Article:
After Monday’s post about how bad things could get, I thought an article on the OECD’s interim global economic outlook released today would cheer you up. It won’t. English prepositions being what they are, “cheer you down” doesn’t exist, but if it did, down you would be cheered. A quick glance at the early reactions from the international media gives you the flavour, even if you don’t speak the languages: Rezession, récession, recessione. The OECD projects that the euro area’s three largest economies – Germany, France and Italy – will shrink at an annualised rate of 1 percent on average during the third quarter of this year and at 0.7 percent in the fourth.
The euro area crisis is dragging down the rest of the world economy through its impacts on trade and business and consumer confidence. The outlook thinks that “durable” changes are taking place in the geographical composition of global imbalances, with the euro area trade surplus rising on soft domestic demand and fiscal consolidation. China’s exports to the euro area are being hit hard. This may affect China’s ability to invest in the US in the longer term, although that aspect is beyond the scope of an interim outlook. In the US itself, an increasing non-oil deficit is offset by an improving oil balance. This is another area where longer-term developments will be interesting. Oil production from deepwater sites and unconventional sources such as oil sands or the Arctic will grow, and most of the potential fields are outside the Middle East. The Japanese surplus is falling because of rising energy imports and sluggish exports. Business investment is holding up, but mainly due to post-disaster reconstruction.
Could it get even worse? Yes it could: “Risks to the outlook remain significant”. Apart from the euro area crisis, the report mentions the US heading for a “fiscal cliff”. Even if you’ve never heard that expression, you probably suspect that it’s the kind of cliff you fall, jump or are pushed off. The outlook explains that current legislation implies an extremely sharp fiscal tightening in 2013 (the fiscal cliff) that would probably push the US economy into recession. It then urges the political parties to agree on detailed medium-term consolidation plans to avoid this. Perhaps one of our American readers could tell us what the chances are of the parties doing this.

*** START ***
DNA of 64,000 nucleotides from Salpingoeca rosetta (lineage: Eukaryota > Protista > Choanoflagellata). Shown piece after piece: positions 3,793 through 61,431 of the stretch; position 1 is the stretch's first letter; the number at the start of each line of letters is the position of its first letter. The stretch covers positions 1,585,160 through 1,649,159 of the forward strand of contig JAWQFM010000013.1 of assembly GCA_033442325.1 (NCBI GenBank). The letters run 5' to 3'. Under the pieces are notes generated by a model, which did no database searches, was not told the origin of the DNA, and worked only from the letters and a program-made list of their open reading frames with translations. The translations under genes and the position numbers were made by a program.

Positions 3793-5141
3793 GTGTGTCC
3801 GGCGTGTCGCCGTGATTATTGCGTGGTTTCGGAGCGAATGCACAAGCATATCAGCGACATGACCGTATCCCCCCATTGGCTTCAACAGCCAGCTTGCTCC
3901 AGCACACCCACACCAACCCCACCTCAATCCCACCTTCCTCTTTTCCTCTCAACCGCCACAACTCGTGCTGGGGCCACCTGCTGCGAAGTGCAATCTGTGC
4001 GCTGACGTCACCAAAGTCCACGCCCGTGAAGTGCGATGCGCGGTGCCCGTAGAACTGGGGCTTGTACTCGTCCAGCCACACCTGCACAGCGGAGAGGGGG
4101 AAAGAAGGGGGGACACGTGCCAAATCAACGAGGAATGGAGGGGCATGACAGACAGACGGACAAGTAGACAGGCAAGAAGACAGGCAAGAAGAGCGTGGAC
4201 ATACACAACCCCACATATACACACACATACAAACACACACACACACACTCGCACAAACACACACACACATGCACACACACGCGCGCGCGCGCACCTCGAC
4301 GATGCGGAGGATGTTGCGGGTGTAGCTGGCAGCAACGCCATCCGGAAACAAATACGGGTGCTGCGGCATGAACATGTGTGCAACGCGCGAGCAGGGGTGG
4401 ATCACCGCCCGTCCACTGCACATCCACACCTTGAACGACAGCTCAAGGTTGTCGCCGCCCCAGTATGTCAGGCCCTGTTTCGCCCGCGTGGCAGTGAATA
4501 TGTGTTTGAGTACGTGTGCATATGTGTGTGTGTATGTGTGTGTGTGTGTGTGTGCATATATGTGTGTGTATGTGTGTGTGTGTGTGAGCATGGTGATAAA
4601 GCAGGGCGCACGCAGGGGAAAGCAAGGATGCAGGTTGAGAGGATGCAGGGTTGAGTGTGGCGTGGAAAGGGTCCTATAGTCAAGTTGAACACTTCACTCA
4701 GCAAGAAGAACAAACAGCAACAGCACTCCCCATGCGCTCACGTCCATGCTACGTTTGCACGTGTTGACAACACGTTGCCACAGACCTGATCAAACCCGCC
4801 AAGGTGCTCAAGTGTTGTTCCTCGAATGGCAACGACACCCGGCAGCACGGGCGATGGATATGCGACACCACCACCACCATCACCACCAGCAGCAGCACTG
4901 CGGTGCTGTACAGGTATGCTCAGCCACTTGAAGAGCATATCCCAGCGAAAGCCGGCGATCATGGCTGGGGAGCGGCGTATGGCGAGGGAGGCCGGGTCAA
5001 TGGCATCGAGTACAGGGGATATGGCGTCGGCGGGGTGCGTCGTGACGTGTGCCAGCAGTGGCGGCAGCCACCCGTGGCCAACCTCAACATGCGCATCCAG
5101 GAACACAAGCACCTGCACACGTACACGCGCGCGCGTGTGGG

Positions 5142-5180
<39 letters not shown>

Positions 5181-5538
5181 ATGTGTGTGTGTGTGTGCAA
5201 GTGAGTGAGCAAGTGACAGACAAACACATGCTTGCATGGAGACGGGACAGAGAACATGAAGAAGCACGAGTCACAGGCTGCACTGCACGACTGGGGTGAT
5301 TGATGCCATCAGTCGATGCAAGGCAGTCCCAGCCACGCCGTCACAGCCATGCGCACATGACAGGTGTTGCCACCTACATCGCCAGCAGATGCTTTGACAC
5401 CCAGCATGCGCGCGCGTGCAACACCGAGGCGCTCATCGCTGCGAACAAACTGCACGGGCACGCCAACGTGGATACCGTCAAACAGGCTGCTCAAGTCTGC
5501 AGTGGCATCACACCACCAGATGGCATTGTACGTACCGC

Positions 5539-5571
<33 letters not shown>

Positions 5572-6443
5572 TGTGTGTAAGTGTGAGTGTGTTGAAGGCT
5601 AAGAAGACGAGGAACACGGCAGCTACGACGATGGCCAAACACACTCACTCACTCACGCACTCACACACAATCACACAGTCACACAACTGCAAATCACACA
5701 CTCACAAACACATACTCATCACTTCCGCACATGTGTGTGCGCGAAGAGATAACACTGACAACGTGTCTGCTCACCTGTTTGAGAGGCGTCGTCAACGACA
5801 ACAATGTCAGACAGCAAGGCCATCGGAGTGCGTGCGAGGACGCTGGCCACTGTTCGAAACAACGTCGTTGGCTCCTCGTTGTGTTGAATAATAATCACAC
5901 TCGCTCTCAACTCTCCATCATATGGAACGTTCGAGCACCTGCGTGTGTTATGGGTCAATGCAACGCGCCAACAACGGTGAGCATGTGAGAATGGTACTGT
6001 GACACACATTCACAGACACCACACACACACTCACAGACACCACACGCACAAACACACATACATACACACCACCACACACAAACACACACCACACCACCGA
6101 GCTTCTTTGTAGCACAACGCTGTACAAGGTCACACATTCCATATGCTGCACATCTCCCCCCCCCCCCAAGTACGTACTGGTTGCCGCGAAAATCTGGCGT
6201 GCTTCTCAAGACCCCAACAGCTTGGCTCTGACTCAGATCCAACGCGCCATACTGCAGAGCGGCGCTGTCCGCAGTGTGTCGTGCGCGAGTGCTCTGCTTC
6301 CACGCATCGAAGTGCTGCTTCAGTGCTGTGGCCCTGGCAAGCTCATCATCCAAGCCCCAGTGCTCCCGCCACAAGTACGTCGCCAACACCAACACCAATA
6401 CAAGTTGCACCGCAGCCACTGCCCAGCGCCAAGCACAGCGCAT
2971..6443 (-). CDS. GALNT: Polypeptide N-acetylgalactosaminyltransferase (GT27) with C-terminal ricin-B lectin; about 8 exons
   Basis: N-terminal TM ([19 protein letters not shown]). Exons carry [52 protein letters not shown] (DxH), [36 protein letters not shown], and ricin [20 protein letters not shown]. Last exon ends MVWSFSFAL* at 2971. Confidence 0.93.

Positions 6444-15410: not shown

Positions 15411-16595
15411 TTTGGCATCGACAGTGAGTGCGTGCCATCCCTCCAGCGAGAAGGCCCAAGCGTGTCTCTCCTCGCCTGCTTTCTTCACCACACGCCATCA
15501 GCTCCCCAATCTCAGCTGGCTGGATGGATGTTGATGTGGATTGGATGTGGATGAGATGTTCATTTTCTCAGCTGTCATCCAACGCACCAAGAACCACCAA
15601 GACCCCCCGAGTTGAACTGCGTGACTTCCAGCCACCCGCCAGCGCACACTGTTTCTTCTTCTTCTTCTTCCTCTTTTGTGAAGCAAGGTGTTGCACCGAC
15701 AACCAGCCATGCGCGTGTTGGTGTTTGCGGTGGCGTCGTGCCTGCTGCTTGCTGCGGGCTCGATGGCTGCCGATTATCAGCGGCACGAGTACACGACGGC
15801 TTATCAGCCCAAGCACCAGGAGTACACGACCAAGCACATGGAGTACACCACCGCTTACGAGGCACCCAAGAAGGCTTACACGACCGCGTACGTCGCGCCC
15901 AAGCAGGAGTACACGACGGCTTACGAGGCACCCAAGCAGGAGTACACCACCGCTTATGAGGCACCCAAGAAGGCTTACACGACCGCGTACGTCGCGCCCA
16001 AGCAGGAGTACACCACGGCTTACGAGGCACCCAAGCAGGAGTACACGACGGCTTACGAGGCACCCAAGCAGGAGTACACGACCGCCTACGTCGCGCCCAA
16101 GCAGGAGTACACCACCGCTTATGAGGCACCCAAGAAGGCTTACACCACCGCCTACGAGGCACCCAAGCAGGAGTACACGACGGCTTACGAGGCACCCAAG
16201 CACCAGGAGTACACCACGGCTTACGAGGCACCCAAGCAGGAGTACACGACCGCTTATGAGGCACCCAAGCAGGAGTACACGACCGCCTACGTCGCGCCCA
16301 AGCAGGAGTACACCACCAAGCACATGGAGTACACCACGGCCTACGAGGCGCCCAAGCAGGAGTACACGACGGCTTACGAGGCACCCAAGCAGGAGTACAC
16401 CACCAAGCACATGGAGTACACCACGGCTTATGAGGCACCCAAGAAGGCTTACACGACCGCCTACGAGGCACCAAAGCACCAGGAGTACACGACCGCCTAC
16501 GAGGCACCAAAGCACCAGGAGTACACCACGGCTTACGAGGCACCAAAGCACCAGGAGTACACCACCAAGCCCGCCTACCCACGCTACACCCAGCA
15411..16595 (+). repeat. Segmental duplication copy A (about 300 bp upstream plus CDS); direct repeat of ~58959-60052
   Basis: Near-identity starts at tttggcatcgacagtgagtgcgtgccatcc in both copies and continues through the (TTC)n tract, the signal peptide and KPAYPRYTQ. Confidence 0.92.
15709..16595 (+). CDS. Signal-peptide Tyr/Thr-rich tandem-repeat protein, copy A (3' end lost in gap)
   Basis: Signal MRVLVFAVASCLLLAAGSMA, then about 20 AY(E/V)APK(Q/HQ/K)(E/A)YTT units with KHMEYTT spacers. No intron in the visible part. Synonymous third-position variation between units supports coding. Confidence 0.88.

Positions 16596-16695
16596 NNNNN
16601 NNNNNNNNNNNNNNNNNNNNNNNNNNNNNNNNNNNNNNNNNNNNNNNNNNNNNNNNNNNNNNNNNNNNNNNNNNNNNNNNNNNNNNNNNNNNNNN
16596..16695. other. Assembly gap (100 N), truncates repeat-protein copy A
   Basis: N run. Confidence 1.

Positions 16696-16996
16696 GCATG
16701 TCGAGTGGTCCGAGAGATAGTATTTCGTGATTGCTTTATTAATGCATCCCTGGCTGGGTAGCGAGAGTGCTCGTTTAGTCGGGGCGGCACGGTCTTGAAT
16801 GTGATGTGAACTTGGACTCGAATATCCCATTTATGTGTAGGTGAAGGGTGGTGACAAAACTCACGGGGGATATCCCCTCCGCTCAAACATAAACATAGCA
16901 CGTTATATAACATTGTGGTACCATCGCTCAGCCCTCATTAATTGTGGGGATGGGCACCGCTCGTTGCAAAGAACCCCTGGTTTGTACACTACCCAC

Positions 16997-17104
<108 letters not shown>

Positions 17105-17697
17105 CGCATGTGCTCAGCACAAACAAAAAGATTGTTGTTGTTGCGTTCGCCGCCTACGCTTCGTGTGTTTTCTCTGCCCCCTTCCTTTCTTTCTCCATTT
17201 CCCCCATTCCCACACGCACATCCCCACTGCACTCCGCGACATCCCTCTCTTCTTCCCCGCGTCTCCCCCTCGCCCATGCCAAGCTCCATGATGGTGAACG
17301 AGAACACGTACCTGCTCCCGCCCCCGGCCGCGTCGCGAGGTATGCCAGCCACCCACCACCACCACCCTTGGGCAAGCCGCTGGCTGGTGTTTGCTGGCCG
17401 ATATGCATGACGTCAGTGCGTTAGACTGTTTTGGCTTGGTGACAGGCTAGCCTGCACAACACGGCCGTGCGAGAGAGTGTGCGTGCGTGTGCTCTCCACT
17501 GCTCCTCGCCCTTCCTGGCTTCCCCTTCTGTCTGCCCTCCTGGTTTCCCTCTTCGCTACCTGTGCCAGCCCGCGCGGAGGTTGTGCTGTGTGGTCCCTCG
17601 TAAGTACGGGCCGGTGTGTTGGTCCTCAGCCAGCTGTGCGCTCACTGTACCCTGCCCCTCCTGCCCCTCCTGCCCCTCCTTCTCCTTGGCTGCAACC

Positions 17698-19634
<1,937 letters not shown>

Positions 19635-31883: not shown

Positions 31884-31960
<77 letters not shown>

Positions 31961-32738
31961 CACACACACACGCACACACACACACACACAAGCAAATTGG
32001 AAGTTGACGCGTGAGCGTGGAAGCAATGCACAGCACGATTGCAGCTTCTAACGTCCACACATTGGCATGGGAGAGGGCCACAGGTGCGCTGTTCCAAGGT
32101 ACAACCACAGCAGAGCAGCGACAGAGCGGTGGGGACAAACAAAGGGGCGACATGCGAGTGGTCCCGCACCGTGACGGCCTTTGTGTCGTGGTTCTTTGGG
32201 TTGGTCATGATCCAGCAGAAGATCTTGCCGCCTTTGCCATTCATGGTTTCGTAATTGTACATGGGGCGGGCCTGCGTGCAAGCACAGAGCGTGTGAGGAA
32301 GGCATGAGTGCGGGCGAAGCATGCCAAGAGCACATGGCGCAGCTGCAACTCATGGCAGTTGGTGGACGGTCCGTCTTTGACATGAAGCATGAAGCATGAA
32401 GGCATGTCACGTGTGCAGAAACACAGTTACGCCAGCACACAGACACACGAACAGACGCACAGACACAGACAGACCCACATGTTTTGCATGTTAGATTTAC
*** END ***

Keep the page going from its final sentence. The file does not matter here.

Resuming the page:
Fiscal policy poses problems elsewhere too. Rigour, austerity, tightening or whatever it’s called is a medium-term policy, but it’s acting as a drag on short-term economic activity. Some countries may actually be caught in a negative feedback loop whereby activity is weaker than expected when planning the budget, so less tax comes in and there is overspending and then the need for more consolidation, which acts as a drag…
The outlook suggests actions to address feedback loops that undermine the euro’s stability. Speculation that Greece or others might leave the euro are pushing up sovereign bond yields, making it more expensive for some governments to borrow, further reinforcing fears of a break-up. The OECD argues that exit fears could be soothed if the ECB intervened in bond markets to keep spreads (the different interest rates paid on sovereign debt of one country compared to another) within ranges justified by the fundamental economic conditions.
And in a move that will no doubt enrage euro sceptics, the Organisation also calls for further progress towards banking union to increase the availability of public funds to recapitalise banks, along with full recognition of non-performing loans enforced by common supervision.
This just in. Mario Draghi, the European Central Bank’s president has announced a plan whereby the ECB will buy unlimited quantities of government bonds to help countries facing high interest rates. Critics say it will discourage governments’ efforts to balance the books and that it would fuel inflation. That’s not the opinion of OECD Secretary-General Angel Gurría who backed such a move a month ago. “Speculators will lose their bet against the euro, because the ECB will then pull out all the stops,” he told the Neue Osnabruecker Zeitung, adding that he saw no risk of inflation in the short term.
So far, the announcement has boosted stock markets and helped Italian and Spanish bonds, so maybe the gloom will not become doom. Watch this space.